Chapter Six

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Like an old wound that had been scraped raw all over again, revealing layers of hurt that bled beyond the shallow surface, the past appeared in the tattered present, ready for a fight. Beckett cursed that it had been his own damn fault, and like a kid standing in the principal's office, he swore he hadn't meant to start that fight. In fact, he wasn't sure he was armed well enough for such a battle. Instead, he just wanted to flee, to get out fast, to run away.

Thank God—and Liam Wyatt—for the helicopter that would soon pick him up at the private airport where he waited.

Because the wound had opened, as he stood in the wide, overgrown field beside the short landing strip of pavement, he wondered if this was how his mom had felt when she'd left. That intense yearning to run, to break free of both bind and burden. To escape the sticky web of possibility that he could hurt another, or be hurt. Or both.

He'd known that of the three siblings, he was the most like their mother. They both preferred the absurd over the everyday, neither had ever—to his knowledge—had a steady, reliable relationship, and they both craved freedom.

If he was so much like his mom, he wondered, then what business was it of his to love anybody that he could potentially hurt the heart of?

The last person he wanted to hurt was Danielle.

She was wholesome and hardworking, filled with sunny dreams about a bright future. He, on the other hand, was splintered and well aware that there were inevitably thick, dark clouds that loomed, regardless of how sunny the day or dream. But even as a kid, he'd figured that wasn't any good reason not to enjoy life. He'd seen the dark side and played wild and free anyway.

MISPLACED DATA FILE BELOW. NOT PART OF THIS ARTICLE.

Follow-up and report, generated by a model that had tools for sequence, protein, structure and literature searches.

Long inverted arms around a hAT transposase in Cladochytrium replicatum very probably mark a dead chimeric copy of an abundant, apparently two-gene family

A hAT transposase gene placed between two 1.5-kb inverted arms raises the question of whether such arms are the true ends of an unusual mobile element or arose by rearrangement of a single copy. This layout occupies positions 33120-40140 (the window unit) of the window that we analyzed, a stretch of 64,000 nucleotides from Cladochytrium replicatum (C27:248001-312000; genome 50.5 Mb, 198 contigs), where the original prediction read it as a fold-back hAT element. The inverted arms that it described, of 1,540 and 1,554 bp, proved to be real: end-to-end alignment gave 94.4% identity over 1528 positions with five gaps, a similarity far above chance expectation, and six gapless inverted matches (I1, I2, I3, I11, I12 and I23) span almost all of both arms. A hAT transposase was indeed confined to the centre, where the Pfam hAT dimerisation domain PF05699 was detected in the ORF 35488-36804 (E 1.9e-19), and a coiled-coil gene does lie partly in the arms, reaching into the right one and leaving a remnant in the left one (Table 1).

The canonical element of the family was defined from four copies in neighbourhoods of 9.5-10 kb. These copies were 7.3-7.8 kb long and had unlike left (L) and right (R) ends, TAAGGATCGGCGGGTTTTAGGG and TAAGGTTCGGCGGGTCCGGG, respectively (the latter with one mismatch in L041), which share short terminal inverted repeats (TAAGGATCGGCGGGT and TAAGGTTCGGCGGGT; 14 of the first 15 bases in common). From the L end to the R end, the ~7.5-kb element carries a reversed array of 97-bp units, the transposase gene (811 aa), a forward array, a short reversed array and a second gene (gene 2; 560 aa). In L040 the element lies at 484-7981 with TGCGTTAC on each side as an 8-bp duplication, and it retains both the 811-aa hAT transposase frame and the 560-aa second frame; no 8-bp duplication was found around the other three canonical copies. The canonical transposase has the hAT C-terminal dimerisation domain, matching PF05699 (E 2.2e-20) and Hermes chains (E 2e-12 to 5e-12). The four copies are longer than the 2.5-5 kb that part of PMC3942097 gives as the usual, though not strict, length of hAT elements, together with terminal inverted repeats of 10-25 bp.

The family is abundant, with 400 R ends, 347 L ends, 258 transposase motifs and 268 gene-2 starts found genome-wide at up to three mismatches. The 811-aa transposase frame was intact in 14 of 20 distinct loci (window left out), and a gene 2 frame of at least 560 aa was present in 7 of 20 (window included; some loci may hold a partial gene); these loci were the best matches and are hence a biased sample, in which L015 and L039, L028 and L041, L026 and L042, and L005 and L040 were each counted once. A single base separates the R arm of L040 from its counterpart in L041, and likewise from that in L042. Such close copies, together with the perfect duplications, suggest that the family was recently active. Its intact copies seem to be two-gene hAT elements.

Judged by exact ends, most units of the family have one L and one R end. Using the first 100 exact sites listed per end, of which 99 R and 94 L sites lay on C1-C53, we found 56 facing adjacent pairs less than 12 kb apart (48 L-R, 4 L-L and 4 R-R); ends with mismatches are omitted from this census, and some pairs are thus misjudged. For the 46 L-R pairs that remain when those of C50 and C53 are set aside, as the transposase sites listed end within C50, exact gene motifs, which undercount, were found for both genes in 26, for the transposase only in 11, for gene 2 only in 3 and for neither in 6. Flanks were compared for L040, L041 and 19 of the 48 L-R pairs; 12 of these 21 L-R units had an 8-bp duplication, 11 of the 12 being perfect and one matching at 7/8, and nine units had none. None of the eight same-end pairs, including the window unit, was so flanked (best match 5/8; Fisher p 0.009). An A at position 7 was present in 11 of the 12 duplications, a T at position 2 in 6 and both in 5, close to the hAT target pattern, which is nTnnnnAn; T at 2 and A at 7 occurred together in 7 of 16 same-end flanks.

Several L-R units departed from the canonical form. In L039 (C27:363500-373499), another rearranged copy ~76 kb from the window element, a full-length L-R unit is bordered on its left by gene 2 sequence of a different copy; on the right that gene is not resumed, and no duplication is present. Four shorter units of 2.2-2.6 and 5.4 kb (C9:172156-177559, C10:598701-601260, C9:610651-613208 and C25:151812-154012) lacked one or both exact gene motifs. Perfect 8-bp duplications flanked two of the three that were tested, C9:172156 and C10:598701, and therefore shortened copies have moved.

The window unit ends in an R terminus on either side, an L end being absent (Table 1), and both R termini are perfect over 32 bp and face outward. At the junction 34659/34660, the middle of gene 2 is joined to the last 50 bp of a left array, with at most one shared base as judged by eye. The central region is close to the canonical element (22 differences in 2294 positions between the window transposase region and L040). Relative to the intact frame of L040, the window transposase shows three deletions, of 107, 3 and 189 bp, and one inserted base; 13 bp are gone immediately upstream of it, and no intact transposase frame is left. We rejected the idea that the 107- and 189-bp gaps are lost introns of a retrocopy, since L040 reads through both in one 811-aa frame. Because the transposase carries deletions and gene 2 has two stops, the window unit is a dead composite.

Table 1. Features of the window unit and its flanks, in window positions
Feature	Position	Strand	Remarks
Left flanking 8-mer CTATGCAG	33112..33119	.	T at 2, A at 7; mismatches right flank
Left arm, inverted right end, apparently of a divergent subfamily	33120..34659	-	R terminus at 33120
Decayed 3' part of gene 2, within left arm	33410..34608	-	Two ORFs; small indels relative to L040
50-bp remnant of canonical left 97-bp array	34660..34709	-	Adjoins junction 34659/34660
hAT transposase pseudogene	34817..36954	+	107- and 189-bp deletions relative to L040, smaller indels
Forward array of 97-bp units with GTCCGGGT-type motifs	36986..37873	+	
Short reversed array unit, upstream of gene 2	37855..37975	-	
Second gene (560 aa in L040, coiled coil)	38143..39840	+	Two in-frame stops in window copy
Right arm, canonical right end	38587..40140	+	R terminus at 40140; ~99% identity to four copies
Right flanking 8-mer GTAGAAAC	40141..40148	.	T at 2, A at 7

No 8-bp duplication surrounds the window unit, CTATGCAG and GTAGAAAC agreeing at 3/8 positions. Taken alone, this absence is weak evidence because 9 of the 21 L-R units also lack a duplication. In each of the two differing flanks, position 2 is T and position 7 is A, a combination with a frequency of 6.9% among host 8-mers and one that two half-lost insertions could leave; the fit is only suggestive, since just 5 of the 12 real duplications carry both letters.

Danielle, by comparison, was one to strive for a better, brighter place, to plan her life according to the maps and charts and forecasted patterns of life's weather. If anyone could competently navigate life, and follow a plan through to completion, it was Danielle.

She was hopeful, and he had no business ruining that for her. It was better that she was leaving. Better that she didn't care whether or not he loved her.

He was almost proud of her for it.

So when he heard his name and whipped toward the voice he knew was hers, he cringed, caught between wanting what was best for her, and wanting the ache in his chest to be soothed. He wanted her to say goodbye almost as much as he wanted to hear her say that she would stay with him, that she loved him too.

He was a damn mess.

She yelled out to him again as she stomped through the knee-high swaying weeds and smattering of bold purple and soft white wildflowers that surrounded the private airstrip.

"You shouldn't be here," he told her, lifting his sunglasses to rest on his head. In case this was the last time he saw her, he wanted it to be live and in full color, not through a shaded lens.

"I should be here because you invited me weeks ago, but that's beside the point. I have some things I need to know." She stopped, stared. "You cut your hair."

"I did."

He didn't want to wonder what she thought of it, but he did. He'd come to rely on and enjoy hearing her perspective. But it was time to get over that, to get her out of his head. "You should go, Danielle. It's for the best. We both know that."

"That's quite possible," she told him slowly as if thinking through every word so as to not misstep. "But I don't have enough of an understanding to know that for sure."

The sweet smell of the surrounding weeds was almost as suffocating as the afternoon heat he usually loved. But it clung to him now, squeezing tight, holding him in place when his every instinct ordered him to flee. "What more is there to say?"

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